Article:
Health insurance will not pay for services unless a diagnosis is made and a DSM code is provided. Labeling people with an illness can be counterproductive and actually cause more harm than good. If an individual is told they have anxiety disorder it will likely become a self-fulfilling prophecy. Years of therapy can do more harm than good when no real illness is present.

If we relied on the classifications in the DSM every person in the world would have a diagnosable mental illness. The pharmaceutical companies will make more money and support physicians through bonus programs to make these diagnoses.

The bottom line is if we make a choice or behavior wrong by psychologizing it, we give power to those who choose conformity and institutionalize otherwise mentally healthy people who choose a unique path. Sadly the DSM has no business in treatment with its current classifications. It is merely a tool used to label a person and bill insurance companies. Labels are hurtful and can alter a person’s psyche for the worse. There are other more effective methods of billing that could be arranged such as time billing. The world would be a much better place if doctors found out what was really wrong with people and allowed people to make individual choices.

The sad reality is doctors make more money when people stay sick. Pharmaceutical companies make more money when we take drugs for non-existent illnesses, often causing real damage. Many psycho-pharmaceuticals are known to cause violent and suicidal behaviors. In other words, they create mental illness rather than treat it. The discrimination created by labeling those who chose or require different orientations that suit them is criminal!



American Psychiatric Association (2000). DSM-IV-TR Arlington: American Psychiatric Association

Keel, Robert (2005). Mental Disorder: The Medicalization of Deviance.

Retrieved March 24, 2006 from:

Lenzer, J. (2004). Bush Plans to Screen Whole US Population for Mental Illness. BMJ Publishing Group.

Retrieved March 24, 2006 from:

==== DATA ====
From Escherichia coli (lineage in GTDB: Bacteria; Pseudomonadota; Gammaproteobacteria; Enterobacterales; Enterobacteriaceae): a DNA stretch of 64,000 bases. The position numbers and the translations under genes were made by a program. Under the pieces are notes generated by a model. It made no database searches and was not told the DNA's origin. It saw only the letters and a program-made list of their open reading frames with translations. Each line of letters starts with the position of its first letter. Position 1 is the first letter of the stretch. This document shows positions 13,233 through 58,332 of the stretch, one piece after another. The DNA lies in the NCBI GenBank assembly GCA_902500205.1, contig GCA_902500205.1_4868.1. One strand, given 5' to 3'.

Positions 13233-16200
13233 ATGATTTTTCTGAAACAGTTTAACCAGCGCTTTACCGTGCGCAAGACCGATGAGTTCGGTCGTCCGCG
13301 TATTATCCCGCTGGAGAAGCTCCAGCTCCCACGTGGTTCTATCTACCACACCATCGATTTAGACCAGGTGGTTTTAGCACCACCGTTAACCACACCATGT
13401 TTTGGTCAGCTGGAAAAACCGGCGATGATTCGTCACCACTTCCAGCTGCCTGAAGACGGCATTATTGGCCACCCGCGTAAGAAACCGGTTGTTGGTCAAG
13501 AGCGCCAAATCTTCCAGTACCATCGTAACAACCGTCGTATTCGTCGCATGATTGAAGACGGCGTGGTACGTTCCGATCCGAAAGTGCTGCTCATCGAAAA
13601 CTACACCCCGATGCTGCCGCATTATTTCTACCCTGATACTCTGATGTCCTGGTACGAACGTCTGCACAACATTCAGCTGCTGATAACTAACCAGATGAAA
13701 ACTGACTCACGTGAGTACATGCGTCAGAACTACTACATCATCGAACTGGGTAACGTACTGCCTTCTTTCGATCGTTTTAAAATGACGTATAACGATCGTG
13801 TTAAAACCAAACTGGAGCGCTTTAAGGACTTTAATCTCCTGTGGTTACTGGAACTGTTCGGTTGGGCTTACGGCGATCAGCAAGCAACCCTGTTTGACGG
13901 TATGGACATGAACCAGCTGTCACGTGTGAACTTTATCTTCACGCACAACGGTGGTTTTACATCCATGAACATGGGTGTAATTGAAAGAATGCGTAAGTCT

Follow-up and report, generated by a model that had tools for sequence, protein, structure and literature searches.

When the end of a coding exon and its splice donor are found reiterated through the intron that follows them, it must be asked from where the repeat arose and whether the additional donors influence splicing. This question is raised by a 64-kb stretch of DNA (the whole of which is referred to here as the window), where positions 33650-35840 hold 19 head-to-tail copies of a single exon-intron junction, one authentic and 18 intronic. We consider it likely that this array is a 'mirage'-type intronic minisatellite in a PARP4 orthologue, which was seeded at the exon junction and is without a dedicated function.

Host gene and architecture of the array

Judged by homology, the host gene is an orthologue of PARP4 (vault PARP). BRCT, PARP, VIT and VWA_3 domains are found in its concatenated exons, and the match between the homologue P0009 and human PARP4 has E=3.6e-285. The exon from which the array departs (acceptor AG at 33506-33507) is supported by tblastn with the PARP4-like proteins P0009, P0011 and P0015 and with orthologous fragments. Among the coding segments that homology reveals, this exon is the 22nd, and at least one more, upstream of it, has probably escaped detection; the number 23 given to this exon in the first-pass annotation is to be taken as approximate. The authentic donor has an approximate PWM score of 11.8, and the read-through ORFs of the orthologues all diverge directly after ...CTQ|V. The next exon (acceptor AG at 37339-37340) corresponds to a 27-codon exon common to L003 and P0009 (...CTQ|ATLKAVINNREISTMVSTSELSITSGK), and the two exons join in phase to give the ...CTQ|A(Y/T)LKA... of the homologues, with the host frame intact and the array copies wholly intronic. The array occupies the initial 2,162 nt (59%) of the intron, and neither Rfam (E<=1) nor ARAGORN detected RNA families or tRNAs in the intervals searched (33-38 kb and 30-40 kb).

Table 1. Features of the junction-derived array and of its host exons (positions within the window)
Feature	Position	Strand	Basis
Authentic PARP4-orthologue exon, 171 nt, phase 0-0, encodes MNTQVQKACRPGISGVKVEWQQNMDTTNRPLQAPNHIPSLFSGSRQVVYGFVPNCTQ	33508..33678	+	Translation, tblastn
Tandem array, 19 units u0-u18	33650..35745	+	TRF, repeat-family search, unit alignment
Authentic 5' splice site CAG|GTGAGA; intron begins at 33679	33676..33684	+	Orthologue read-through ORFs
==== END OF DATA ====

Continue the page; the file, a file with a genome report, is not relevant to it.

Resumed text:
Null, G. (2002). Pathologizing Life. Retrieved March 25, 2006 from:

Ray, C. & Oakley, C. 2003. Drugs, Society, and Human Behavior. 10th Edition.

New York: McGraw-Hill Companies

Wikipedia (2006). Diagnostic and Statistical Manual of Mental Disorders

Retrieved on March 21, 2006 from:

DSM-IV-TR®  - Diagnostic And Statistical Manual Of Mental Disorders - Fourth Edition

Wilson, K. & Hammond, B. (1996). Myth, Stereotype, and Cross-Gender Identity in the DSM-IV. 21st Annual Feminist Psychology Conference. Retrieved 3/25/2006 from:


About the Author

Lourdes Salvador is a writer and social advocate based in Hawaii.

She is the president of MCS America and a featured monthly writer for MCS America News at

She is a passionate advocate for the homeless, having worked with her local governor to open new shelters and provide services to the homeless based on a presentation of her ideas.

That passion soon turned to advocacy and activism for victims of multiple chemical sensitivity.


For more information about Lourdes and her advocacy work, please visit:


Copyrighted © 2007 Lourdes Salvador

The American Chronicle and its affiliates have no responsibility for the views, opinions and information communicated here.
The contributor(s) and news providers are fully responsible for this content.
In addition, the views and opinions expressed here are not necessarily those of the American Chronicle or its affiliates.